3.   Protect and manage occupied and unoccupied habitat that is within 5 miles of protected and managed occupied scrub-jay habitat where the extant population of scrub-jays is viable, provided proposed mitigation lands are sufficient to support at least one family of scrub-jays.  Ensure that, in addition to the dispersal barriers identified above, other barriers (such as heavily canopied suburbs, unbroken citrus groves, treeless or nearly treeless suburbs, or pine flatwoods) do not predominate the landscape between mitigation sites and occupied habitat.  The relative biological benefit of mitigation lands with respect to its composition should be assessed as described above.

B.  Determine Population Viability

Ensure that a minimum of 10 families of demographically connected scrub-jays are present or will be present following mitigation OR sufficient unoccupied but restorable scrub-jay habitat (unoccupied habitat) is, or will be (after restoration, as set forth in the proposed action and concurred to by the Service) available to support at least 10 scrub-jay families.  Viable groups of scrub-jays require about 200 acres of scrub habitat which may be contiguous or composed of patches of scrub habitat at least 25 acres in size (Fitzpatrick et al., 1991).  The spatial orientation of habitat patches must not lead to demographic isolation, as described in A.2 and A.3 above, and must provide for the successful dispersal of scrub-jays between habitat patches.

C.  Determine Demographic Priority

Demographic considerations in selecting mitigation locations within the MSA are described in order of preference below:

1. Mitigate on the site if conditions in B. (above) exist or can be achieved through management.

2. Mitigate off the site but within affected viable population, as defined in B.

3. Mitigate off the site to the nearest viable population, as defined in B.

D.  Determine Habitat Mitigation Need (in order of preference)

1. Contribute to an established Habitat Conservation Plan and associated fund within the appropriate county or service area.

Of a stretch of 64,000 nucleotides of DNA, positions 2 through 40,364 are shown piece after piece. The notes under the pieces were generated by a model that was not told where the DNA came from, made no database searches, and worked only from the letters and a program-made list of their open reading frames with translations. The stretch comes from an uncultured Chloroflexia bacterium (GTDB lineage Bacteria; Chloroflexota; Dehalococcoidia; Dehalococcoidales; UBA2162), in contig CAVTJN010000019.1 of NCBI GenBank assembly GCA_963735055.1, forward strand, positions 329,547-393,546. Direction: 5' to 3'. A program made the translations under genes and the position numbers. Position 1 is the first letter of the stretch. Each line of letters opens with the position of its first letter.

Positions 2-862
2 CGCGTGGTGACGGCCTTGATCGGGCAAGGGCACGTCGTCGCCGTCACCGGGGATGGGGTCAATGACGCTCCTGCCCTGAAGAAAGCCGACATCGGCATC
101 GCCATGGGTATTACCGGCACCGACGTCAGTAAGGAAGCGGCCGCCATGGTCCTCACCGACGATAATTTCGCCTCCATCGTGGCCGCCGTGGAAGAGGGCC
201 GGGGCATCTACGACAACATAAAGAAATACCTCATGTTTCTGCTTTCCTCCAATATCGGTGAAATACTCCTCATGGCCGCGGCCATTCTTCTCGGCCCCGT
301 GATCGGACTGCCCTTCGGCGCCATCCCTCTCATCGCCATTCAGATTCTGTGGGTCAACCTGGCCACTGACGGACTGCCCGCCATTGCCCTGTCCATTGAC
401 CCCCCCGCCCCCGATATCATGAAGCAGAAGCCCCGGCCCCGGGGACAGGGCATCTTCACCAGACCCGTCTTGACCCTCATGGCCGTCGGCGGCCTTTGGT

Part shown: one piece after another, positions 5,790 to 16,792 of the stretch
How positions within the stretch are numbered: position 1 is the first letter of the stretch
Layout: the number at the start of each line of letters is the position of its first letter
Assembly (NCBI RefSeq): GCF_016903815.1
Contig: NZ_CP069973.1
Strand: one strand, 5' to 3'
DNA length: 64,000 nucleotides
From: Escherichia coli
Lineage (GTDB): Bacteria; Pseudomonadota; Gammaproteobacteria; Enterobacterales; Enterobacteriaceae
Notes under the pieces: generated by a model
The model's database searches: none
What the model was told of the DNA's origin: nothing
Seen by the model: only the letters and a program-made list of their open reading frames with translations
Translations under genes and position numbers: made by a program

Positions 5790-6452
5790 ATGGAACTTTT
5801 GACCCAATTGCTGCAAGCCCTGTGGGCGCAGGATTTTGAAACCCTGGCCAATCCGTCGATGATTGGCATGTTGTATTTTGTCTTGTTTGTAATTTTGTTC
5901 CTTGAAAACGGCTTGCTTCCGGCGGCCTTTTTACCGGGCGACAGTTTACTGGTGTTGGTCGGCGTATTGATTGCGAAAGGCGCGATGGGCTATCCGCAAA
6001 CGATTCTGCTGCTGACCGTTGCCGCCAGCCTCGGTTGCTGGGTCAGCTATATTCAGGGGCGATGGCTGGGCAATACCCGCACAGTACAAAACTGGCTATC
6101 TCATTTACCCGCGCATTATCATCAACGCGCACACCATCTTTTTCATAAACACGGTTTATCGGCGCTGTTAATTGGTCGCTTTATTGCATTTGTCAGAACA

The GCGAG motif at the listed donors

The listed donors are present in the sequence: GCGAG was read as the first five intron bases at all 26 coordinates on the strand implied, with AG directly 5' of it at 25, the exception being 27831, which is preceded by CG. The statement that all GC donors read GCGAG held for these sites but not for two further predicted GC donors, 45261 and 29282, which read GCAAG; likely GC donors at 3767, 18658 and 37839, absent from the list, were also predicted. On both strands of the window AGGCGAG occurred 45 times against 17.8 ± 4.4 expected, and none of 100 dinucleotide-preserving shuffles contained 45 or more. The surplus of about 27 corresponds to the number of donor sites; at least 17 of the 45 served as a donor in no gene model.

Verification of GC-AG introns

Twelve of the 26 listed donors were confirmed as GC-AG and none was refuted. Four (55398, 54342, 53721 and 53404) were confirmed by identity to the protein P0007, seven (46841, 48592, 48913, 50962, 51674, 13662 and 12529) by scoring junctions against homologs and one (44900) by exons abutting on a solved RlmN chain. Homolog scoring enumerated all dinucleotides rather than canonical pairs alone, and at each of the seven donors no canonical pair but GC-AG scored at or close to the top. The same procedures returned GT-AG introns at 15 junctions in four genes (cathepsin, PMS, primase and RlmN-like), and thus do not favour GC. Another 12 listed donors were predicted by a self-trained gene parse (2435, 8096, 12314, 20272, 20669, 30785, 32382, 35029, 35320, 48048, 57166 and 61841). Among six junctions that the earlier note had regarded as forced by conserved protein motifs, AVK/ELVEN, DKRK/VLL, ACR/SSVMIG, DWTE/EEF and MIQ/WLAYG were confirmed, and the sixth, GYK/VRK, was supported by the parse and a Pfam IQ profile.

2. If D.1 is not available, purchase credits at a Service-approved conservation bank sufficient to achieve mitigation needs identified in D.3.b.

3. If neither D.1 nor D.2 are available, applicants may select any one of the following:

a. Deposit funding into the Florida Scrub-jay Conservation Fund sufficient to achieve mitigation needs identified in D.3.b. 

b. Purchase (or otherwise acquire fee title) two acres of occupied scrub-jay habitat for each acre of affected occupied scrub-jay habitat (Footnote 1,2).

c. Purchase (or otherwise acquire fee title) two acres of unoccupied, but restorable (Footnote 3) habitat for each acre of affected occupied habitat provided the unoccupied, restorable habitat is immediately contiguous to occupied scrub-jay habitat under public ownership that is managed for conservation purposes (Footnote 1,2).

d. Secure perpetual conservation easement and land management agreement on sufficient lands to achieve mitigation needs identified in D.3.b. and/or D.3.c. above (Footnote 1,2).  Holder of any agreement must be approved by the Service.

e. Purchase (or otherwise acquire fee title) or secure perpetual conservation easement and land management agreement on three acres of unoccupied, but restorable habitat for each acre of affected habitat, provided the unoccupied, but restorable habitat lies within two miles of occupied scrub-jay habitat under public ownership that is managed for conservation purposes (Footnote 1,2,4).

f. Purchase/acquire fee title (at a ratio of five acres of habitat for each acre of affected occupied habitat) lands adjoining publicly-owned occupied or unoccupied but restorable scrub-jay habitat to provide buffer from adjacent urban activities and to buffer adjacent urban areas from land management activities (e.g., prescribed fire).